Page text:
This argument, which never happened, is only believable to someone who has absolutely no familiarity with Malcolm’s life and work. Malcolm X may have been one of the greatest orators in American history, but he was far more than that. He was an organizer and a builder. He played a major role in establishing NOI temples up and down the Eastern seaboard of the United States. He was instrumental in founding and popularizing the NOI’s Newspaper, Muhammad Speaks. His brilliance was the major force in “branding” the NOI as a leading black organization. At the time of his death, he was in the process of building two organizations, Muslim Mosque, Inc. and the Organization of African American Unity, from scratch. The real Malcolm, an internationally renowned giant whose culminating action was galvanizing the “Third World” to support his case against the United States before the United Nations, comes off in the film as a man of many words but little action.
Malcolm’s imagined paranoia, indicated by his constantly looking over his shoulder, is reinforced by the NOI guards posted at his hotel door. In reality he was guarded by a single bodyguard that night, who happened to be an undercover police informant. Unless Malcolm was an infinitely better actor than Kingsley Ben-Adir, who played him in the film, the smiles and confidence he exuded during those days in Miami, could never have concealed the paranoia conveyed in the film. His insecurity, hinted at in his frequent affirmations of his own militancy, is highlighted when he is “psychoanalyzed” by Jim Brown about his blackness. Malcolm has no answer when Brown suggests that the reason the redhaired, “yellow” Malcolm is so passionate about the black struggle is because he is trying to prove his blackness, not because of his love and commitment to his people. The whole scene is absurd.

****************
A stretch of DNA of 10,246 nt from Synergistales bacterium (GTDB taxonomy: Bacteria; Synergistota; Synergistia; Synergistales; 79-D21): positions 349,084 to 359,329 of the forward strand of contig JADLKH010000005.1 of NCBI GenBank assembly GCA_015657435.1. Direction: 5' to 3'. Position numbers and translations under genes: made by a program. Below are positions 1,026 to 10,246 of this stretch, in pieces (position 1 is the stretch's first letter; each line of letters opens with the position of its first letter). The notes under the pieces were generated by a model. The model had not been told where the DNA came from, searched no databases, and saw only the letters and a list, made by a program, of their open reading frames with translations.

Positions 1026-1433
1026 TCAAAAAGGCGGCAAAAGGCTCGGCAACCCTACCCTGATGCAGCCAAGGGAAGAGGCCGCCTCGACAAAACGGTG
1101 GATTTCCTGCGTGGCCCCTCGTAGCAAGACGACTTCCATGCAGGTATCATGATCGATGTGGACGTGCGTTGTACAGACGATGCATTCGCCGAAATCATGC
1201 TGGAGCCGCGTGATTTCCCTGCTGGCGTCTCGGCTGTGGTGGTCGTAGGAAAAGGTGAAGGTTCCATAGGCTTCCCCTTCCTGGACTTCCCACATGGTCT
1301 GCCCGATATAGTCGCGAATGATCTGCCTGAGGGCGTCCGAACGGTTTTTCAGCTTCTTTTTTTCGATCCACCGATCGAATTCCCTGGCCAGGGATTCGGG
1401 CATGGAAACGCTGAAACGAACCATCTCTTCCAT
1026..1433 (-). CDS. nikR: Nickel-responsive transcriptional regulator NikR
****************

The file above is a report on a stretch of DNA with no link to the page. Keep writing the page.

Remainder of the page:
Leaving aside the fact that although Malcolm X was an African American of lighter complexion, he could not come close to “passing” for white. To suppose that he was insecure about his blackness is to assume that he did not grow up in a Garveyite home and was not surrounded by family members of various African complexions who supported and affirmed each other’s blackness and humanity. It is to assume that he was not mentored by black men both in the streets, prison and the NOI. As Ossie Davis stated in his moving eulogy: “Malcolm was our manhood, our living, black manhood.” As such, Malcolm has inspired millions of black men to be better husbands, fathers, activists and refined human beings. The inspiration he provided others is sufficient testimony to the confidence Malcolm exuded in being black. As the Arabs say, “Someone lacking something cannot give it to others.”